Personal tax day has come and gone (May 17th). Depending on the structure of your business and financial circumstances, your company’s tax situation may vary. But every year, the obligation is due. 


Paying taxes isn’t fun for anyone, but limit the stress by preparing for next year, starting now. A little preparation helps both founders and their businesses prevent multiple tax-related issues including:


  • Over/under paying quarterly installments
  • Scrambling to turn in the proper documents
  • Finding someone to file for you, last minute
  • Missing something that lands you with fees and other unpleasant surprises


Ready to prepare for next season? Here is a list of common sense and actionable steps.

5 Ways to Prepare Your Business for Next Tax Season

1. Use Deductions to Better Align Expenses


You’ve probably heard the old adage, “takes money to make money”. Thankfully, the IRS understands this and has over a dozen categories of deductible expenses for businesses. A dollar of qualifying expenses is a dollar you can write off of your taxable revenue. 


While some expenses fall outside the deduction policy, many common purchases do count.


Take some time to understand these categories and use that knowledge to create an accurate budget. Proactively planning deductible expenses is a whole lot better than scrambling to find receipts at the beginning of the new year.


Better align expenses by:


  • Using cash flow to purchase deductible expenses that will grow your business (beyond this year) and deduct those expenses for this tax year
  • Reduce spending that you can’t claim
  • Potentially find expenses that your company could use, but didn’t necessarily know it was a deduction (e.g. attorney fees)

2. Spend with Tax Credits in Mind


One way to lower the tax burden is via deductible expenses. Another way is to use incentives, like tax credits. While there are a number of credits, they do change over time. Typically, these credits fall into three categories:


  • Employee-related: Healthcare, childcare, and employee enrichment credits are a few in this category.
  • Energy/Environmental: Reducing carbon emissions, cleaner energy and other credits are available.
  • Research and development: The R&D tax credit has potential for businesses looking to improve processes.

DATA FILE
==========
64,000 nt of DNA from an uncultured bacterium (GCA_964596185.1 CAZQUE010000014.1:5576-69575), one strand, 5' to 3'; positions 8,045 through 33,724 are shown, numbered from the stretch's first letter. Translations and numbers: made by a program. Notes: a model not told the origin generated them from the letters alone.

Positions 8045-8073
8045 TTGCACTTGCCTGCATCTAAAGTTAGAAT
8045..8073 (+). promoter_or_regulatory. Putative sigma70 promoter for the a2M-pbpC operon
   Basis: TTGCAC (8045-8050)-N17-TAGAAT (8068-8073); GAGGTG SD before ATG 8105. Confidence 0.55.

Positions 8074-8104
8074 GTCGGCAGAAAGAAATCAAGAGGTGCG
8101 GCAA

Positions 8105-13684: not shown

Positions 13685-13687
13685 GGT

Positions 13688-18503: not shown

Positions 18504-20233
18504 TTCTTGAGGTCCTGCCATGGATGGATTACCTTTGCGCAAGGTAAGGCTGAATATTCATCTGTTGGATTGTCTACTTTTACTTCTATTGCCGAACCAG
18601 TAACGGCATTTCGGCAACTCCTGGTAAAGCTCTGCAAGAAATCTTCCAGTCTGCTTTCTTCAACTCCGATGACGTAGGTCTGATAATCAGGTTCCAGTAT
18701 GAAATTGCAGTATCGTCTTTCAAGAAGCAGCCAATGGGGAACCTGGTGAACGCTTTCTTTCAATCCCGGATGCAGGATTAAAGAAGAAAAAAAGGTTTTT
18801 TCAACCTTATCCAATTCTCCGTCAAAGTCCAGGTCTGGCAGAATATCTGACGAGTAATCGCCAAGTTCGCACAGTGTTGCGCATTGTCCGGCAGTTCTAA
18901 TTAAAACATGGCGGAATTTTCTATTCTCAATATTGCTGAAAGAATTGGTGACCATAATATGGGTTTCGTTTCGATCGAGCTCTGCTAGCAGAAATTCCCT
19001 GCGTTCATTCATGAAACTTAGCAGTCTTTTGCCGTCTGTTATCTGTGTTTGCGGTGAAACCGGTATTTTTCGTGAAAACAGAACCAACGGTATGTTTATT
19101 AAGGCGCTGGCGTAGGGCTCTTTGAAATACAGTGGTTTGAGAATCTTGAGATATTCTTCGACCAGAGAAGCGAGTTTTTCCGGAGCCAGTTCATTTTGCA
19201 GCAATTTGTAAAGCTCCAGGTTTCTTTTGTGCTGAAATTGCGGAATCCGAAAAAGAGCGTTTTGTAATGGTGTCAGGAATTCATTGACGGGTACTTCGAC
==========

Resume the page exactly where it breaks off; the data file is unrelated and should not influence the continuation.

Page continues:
Note: It’s a good idea to have a conversation with an accounting professional who understands the changing landscape of tax credits.

3. Get and Stay Organized


You’ve got your categories set and understand potential credits for next year. Now, it’s time to keep track of those expenses. What’s the best way to regularly maintain your business finances? 


Reporting and sound accounting. And it’s not simply expense reports.


  • Monthly or quarterly P&Ls
  • Rolling cash flow forecasts
  • Regular reports for metrics that really drive your business (i.e. number of leads, revenue per client/employee, etc..)


Not only will these reports make filing next year seamless, you’ll also have accurate quarterly payments. Which leads to the next point.

4. Focus on the Accuracy of Quarterly Payments


Individuals often like getting a “tax refund” when they file. It’s like a savings account that the government holds for them. Talk to most financial advisors and they’ll tell you it’s a horrible idea to overpay for anything—including your tax obligations.


Pay too little and potentially get hit with interest and late fees. Too much and that’s cash you could’ve used to reinvest in your business (maybe leading to more deductions). But paying the right amount, that’s what any business wants.


No fees, and every dollar in your direct control.


The previous reporting tip goes a long way toward preparing your business for quarterly payments.


A forecast predicts revenue and detailed expense budgets show qualified upcoming deductions. Based on that data, your installments will be very close to the target—meaning you’ll avoid fees while keeping the right amount of money in your accounts.

5. Avoid Common Tax Mistakes


There are plenty of mistakes made when filing. For example;


  • Not sending 1099s to contractors on time (or at all)
  • Claiming improper deductions
  • Miscalculating what you owe


Other mistakes happen throughout the year, well before you even file your taxes. Common examples here include:


  • Poor expense records: Detailed records are necessary to make sure you’re not found without proper documentation for taking deductions.
  • Not depositing withholding taxes: You’re required to withhold taxes for any staff working directly for your business (including yourself, if you draw a salary).
  • Failing to report income: Buy and sell crypto with company money for a gain? Barter for something with a supplier? There are a number of ways that you can gain outside of direct sales. Those need to be reported, too.

Always Be Prepared by Partnering with Founders


Know qualifying deductions and align your expenses accordingly. Take advantage of every credit that makes sense for your business. Create meaningful reports to pay exactly what you owe to the IRS. And avoid common problems that plague so many startups and small businesses. 


Partner with Founder’s CPA and our experts will help you plan your business taxes to avoid undue burdens and ensure you’re ready to file quickly all year round.

Need Help? Schedule a FREE consultation with a CPA!